When I slipped through the big front doors, I was greeted by the wonder of winter. I twirled around in circles, catching snowflakes on my tongue. Soon there was enough snow for me to make my very first snow angel. I made and threw my first snowball. And then I just stood in awe watching the crystalline flakes drop silently out of the sky. The silence held me in its thrall; I had never experienced anything like it, and truly it was the stillness, the peacefulness of the snow that I will always remember.
As I walked home that afternoon, I looked forward to playing in the snow, and later, sipping hot chocolate by the fireplace. My mother knew my book-fueled fantasies and did her best to make them come true. All that was missing were the roasting chestnuts.
Before that winter was over, I’d done it all – sledding down the biggest hills in town, building snow-forts and having epic snowball fights and, of course, making snow cream. We’d had blizzards and had been snowed in. Once we even had to climb out the second-floor windows to get out of the house. We tied a rope from the house to the chicken coop so we wouldn’t get lost during blizzards, and my sister and I had tunneled through snow so deep that we could actually walk upright through them, entranced by the way the sunlight created magical rainbows through the ice crystals.
Many years have passed since my first snowfall, but every winter I feel the same anticipation. As the first flakes fall from the skies, I am never disappointed.
What We Need
By Gaye Hoots
Recently I spent several days with my three-year-old granddaughters and observed the range of their behaviors and emotions. They are fiercely independent, insisting, “I can do it myself; let me do it. I am a big girl.” They are learning to do many things for themselves, mastering a new skill each day. We have to monitor them carefully because they attempt to do some things that they have not learned. When things don’t go their way, or they are tired, they ask you to meet their needs. “Hold me, hold me; I am still little, hold me.”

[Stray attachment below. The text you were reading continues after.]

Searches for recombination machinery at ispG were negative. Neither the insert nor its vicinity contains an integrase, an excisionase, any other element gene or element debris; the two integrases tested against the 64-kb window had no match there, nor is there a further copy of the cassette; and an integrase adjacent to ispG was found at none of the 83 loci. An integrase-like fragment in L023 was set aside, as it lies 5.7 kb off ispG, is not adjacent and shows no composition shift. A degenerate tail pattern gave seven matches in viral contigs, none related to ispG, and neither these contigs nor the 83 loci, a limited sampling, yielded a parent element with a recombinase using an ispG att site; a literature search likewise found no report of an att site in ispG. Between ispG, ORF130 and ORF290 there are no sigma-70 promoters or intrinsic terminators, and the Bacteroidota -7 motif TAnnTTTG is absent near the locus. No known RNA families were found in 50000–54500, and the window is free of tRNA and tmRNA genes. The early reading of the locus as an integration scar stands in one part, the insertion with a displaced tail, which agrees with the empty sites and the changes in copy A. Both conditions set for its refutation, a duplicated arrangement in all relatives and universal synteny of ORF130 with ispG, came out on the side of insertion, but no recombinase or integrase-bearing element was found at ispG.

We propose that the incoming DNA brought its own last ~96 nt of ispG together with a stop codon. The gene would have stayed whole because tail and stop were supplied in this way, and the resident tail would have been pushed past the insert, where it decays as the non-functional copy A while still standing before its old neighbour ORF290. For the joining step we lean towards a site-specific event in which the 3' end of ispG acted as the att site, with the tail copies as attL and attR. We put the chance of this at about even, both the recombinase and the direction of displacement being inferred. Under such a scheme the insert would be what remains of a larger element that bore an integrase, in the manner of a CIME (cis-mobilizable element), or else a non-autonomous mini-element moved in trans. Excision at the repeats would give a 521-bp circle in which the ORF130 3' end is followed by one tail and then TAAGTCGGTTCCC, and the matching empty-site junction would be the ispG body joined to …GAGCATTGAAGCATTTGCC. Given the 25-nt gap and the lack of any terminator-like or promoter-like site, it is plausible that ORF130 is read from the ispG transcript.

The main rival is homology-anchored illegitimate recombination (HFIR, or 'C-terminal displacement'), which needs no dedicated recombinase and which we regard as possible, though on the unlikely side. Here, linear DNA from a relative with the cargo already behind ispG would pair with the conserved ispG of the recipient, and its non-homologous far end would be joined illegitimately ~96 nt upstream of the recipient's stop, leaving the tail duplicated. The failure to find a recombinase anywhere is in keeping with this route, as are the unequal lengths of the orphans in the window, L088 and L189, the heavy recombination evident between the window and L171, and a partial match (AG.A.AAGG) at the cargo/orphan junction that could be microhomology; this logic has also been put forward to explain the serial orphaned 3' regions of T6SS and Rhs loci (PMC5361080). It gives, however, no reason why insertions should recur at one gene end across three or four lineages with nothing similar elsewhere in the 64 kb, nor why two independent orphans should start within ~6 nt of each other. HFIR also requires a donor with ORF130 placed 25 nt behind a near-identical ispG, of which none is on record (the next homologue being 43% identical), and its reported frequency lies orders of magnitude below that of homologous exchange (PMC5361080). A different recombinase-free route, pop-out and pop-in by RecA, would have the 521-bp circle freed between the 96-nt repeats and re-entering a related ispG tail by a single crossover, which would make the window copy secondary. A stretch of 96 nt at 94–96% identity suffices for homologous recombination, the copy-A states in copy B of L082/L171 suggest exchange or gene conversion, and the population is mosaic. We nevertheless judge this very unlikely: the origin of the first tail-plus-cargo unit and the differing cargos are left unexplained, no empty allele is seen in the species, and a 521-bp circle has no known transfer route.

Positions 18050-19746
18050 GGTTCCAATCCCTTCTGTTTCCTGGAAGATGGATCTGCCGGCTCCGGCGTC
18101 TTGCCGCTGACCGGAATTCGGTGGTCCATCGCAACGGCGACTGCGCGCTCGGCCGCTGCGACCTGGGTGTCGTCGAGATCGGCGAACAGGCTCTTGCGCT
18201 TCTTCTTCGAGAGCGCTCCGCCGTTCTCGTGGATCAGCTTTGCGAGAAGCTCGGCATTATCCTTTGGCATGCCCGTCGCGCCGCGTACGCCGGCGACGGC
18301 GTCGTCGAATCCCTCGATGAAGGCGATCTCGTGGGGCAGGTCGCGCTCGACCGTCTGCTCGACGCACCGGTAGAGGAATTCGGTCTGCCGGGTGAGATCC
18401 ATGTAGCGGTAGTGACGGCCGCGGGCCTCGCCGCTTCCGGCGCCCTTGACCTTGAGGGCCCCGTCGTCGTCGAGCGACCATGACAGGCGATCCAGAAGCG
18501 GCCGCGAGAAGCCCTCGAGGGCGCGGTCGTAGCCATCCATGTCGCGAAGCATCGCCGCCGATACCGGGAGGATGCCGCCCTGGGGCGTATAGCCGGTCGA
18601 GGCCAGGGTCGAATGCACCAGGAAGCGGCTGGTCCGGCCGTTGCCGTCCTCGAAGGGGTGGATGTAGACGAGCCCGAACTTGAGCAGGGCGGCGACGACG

Adults are reluctant to ask for this kind of help or support. When things are going well, we feel we need very little from anyone else. If things fall apart, we are much like the twins, in desperate need of support, but usually too proud to ask for it. Most of us have families, friends, and church connections who recognize our needs and offer help. Not everyone is that fortunate.
Many in this world grew up in homes that did not nurture or offer support. They are abused as babies and throughout their lives. As a psychiatric nurse, I have worked with people who never had anything positive in their lives. Most of these survive the damage, live with the depression and sadness, and don’t harm others, but this is not always the case. Daily news programs tell the stories of those who choose to harm others. There are various motives for their behaviors. Sometimes they want relief from the pressure of their own sadness and anger.
I viewed an example of this on a video. An angry young man enters a convenience store where several people are shopping. He does not attempt to rob the store. He levels his handgun at the cashier, striking her in the head, and then shoots the person closest to him. The customers run screaming toward the back of the store, where there is a storage room leading to a back door. The shooter is only a few feet from a young man running to the back of the store. As the runner approaches a cross-aisle, a young girl no older than four years, toddles out in front of him. The runner stops in front of the shooter, drops to his knees, and covers the child with his body.
The shooter stops and looks at the man and lowers his weapon. He does not attempt to shoot anyone else but starts toward the storage room. On his way out of the store, he encounters a female employee who for unknown reasons had not run outside. He does not point the weapon at her, but she watches the gun as he asks her where the back door is. She indicates the outside door, and he runs out.
I believe police killed him on the street with the gun in his hand. I don’t know what triggered the deadly rage that brought him into the store and prompted him to shoot two or three people point blank. The man who risked his own life to protect a child helped to dissipate the gunman’s rage. The shooter may never have witnessed that kind of love and sacrifice before, but it flipped a switch. He understood it and respected it.
RWG Literary Corner